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Thank You, Jonathan Larson: 25 Years of Rent

By Kamilah Bush, PCS Literary Manager
A man is facing us and leaning on a keyboard with his arms crossed. Behind him is a window overlooking an urban street.

From the back of a darkened, silent theater came a call that would echo throughout the decades. It was January 25, 1996. The original cast of Jonathan Larson’s Rent had just finished their first preview of what would become one of the most iconic pieces of musical theater in history and, just that morning, they had learned that the playwright and composer had unexpectedly passed away. That call, after many moments of silence, was: “Thank you, Jonathan Larson.” 

More than 25 years later, the world still has Jonathan to thank for his contributions to the living canon of musical theater. Bringing Rent to the stage was several revolutions in one. A rock musical had not been successful since Hair in 1967, the cast was intentionally multi-racial and reached across both gender and sexual spectrums, and in a country whose president would not even utter the word AIDS until thousands had died, this play sought to bring the humanity of those living with the virus into the spotlight. Original cast member Wilson Jermaine Heredia said, “It wasn’t just a phenomenon … it was a political-socio movement that changed lives and changed theater and changed minds. It was an honor to be part of that.” 

Heredia and the other cast members saw their own lives indelibly changed by the success of the show. Before being cast as Angel, he was working in a leasing office. Idina Menzel was a wedding singer. Adam Pascal, the original Roger, had never done a play before and only knew about the auditions because Larson and his producing team insisted on posting notices in places like the famed punk rock hub CBGB. Perhaps the newness of it all was what aided in its impact — a young composer leading a cast of rookies at New York Theatre Workshop, which had not developed a musical on that scale before, created lightning in a bottle. 

The popularity of Rent even changed the business of theater. Other shows had been phenomena, but the energy surrounding this production was different. Fans, called RentHeads, camped outside of the theater hoping for a chance to buy rush tickets. This policy, which seems so normal to us now, of offering discounted tickets right before the curtain did not exist before Rent. It was important to Jonathan and his family that what he called “The MTV Generation” be welcomed into the theater. He had even picked New York Theatre Workshop as the place to develop his show because it was in the community where his characters, who were based on himself and his friends, lived. When producers realized that many of the people for and about whom the show was written could not afford the nearly $68 ticket, they mobilized and created a system for audiences to buy $20 seats in the first few rows of The Nederlander Theatre. Once producers saw their audiences camping out for days at a time, concerned for their safety, they also developed the lottery system for these tickets — a system we saw become an event for shows like Hamilton’s early Ham4Ham performances.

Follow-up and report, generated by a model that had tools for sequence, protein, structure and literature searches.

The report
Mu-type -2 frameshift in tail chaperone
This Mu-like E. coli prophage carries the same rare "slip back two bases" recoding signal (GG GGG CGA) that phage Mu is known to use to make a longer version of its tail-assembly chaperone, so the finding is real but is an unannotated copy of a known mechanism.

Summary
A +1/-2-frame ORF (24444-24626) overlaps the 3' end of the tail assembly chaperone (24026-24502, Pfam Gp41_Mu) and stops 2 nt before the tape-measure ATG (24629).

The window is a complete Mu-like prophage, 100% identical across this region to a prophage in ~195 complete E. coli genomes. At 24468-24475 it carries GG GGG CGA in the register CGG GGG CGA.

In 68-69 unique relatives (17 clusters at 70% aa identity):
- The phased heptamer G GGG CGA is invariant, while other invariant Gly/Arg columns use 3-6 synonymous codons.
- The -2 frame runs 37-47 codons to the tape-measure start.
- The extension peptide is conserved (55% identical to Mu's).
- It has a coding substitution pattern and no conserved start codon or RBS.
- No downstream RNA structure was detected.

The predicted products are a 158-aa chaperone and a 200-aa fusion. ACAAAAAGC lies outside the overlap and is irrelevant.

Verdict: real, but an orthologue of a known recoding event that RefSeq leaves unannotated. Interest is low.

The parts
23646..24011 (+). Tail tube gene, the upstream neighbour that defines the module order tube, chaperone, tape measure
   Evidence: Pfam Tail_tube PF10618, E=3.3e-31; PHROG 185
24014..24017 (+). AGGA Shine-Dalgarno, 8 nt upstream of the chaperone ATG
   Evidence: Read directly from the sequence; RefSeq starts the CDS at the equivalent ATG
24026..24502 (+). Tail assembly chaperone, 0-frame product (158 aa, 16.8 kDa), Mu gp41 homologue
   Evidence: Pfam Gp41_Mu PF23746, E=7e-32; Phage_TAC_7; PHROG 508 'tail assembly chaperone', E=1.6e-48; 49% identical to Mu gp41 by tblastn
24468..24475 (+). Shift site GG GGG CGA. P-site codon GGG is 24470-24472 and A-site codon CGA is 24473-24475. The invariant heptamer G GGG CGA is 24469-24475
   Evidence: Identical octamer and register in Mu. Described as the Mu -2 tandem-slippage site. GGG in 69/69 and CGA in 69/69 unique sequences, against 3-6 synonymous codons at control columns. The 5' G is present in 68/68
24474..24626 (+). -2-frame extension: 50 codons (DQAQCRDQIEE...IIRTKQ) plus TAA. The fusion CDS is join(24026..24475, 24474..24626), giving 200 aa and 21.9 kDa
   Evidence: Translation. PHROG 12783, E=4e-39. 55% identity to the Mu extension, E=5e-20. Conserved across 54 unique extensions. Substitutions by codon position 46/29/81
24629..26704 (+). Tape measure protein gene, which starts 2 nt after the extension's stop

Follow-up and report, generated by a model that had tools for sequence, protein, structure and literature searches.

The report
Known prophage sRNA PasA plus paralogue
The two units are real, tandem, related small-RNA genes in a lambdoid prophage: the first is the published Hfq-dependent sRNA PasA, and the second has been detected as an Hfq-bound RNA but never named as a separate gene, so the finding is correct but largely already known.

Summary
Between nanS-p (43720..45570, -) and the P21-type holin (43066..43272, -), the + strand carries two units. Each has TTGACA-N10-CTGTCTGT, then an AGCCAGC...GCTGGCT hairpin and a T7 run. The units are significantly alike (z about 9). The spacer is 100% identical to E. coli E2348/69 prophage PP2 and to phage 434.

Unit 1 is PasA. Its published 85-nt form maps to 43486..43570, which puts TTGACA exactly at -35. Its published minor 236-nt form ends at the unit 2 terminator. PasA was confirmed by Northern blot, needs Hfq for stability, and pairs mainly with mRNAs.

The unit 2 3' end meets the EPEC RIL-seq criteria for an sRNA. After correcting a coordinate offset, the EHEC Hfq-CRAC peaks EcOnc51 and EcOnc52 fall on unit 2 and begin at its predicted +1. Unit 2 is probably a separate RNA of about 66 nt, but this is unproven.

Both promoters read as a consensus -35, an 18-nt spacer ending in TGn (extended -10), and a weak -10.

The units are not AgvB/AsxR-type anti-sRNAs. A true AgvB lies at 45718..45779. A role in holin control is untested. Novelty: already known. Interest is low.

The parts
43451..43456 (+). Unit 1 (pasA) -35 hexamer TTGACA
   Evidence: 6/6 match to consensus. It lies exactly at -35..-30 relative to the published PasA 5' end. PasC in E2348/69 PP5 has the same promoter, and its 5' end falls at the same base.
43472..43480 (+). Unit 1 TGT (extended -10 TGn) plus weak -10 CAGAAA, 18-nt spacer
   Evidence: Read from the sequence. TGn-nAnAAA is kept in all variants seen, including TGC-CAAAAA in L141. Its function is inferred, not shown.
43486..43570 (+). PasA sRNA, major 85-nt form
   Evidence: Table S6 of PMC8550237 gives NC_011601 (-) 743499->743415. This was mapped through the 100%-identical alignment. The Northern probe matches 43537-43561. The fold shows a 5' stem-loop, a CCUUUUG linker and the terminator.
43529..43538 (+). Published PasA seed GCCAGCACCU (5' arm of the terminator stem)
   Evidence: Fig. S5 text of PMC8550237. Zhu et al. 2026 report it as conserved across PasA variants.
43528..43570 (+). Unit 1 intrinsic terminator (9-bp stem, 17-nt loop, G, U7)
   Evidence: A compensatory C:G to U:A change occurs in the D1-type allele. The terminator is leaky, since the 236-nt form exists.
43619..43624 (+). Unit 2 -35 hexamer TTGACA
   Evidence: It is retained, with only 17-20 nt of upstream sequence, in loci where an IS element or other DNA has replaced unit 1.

The fingerprints of this seminal musical are felt all over our culture. In the original production of Hedwig and the Angry Inch, the character Yitzhak wore a Rent t-shirt, the CW show Riverdale features a cover of “Out Tonight,” and a viral remix of “Tango: Maureen” called “Tango: Vaccine” has been used to combat Covid vaccine misinformation. The musical has been performed in 25 languages and in more than 50 countries. In fact, it was the first Broadway musical to open in Cuba after sanctions between the country and the U.S. were lifted. A documentary about that 2014 production, Revolution Rent, became the second major documentary surrounding the musical. The first, No Day But Today: The Story of Rent was released in 2006 to commemorate the adaptation of Rent into a film directed by Chris Colombus and starring much of the original cast.     

Though Rent is the recipient of a Pulitzer, four Tony Awards, including Best Musical, and is in the top 10 longest-running shows on Broadway — the legacy of the show is not in its awards and critical acclaim. This show, like its author, survives in the hearts of the people because of the message it carries and the call to action it puts forth. The reminder to measure one’s life in love is one that even 25 years later rings into the souls of all who hear it. The fire lit by Jonathan’s life and his work burns bright, especially now as we know firsthand the fear and loss that the littérateurs he both lived amongst and wrote about experienced in the late 80s and early 90s. In Larson’s own words: “Rent is about a community celebrating life, in the face of death and AIDS, at the turn of the century” — a torch that our own community can carry with them out into these continually uncertain times. Thank you, Jonathan Larson.

If you love Rent, make sure to catch tick, tick … BOOM! this fall, when it kicks off PCS’s 2022-2023 season. Jonathan Larson wrote this autobiographical musical right before he began work on Rent. It has a similarly rocking score and offers a backstage tour to the love and sweat he put into making his Broadway musical dreams a reality.

Portland Center Stage is committed to identifying & interrupting instances of racism & all forms of oppression, through the principles of inclusion, diversity, equity, & accessibility (IDEA).

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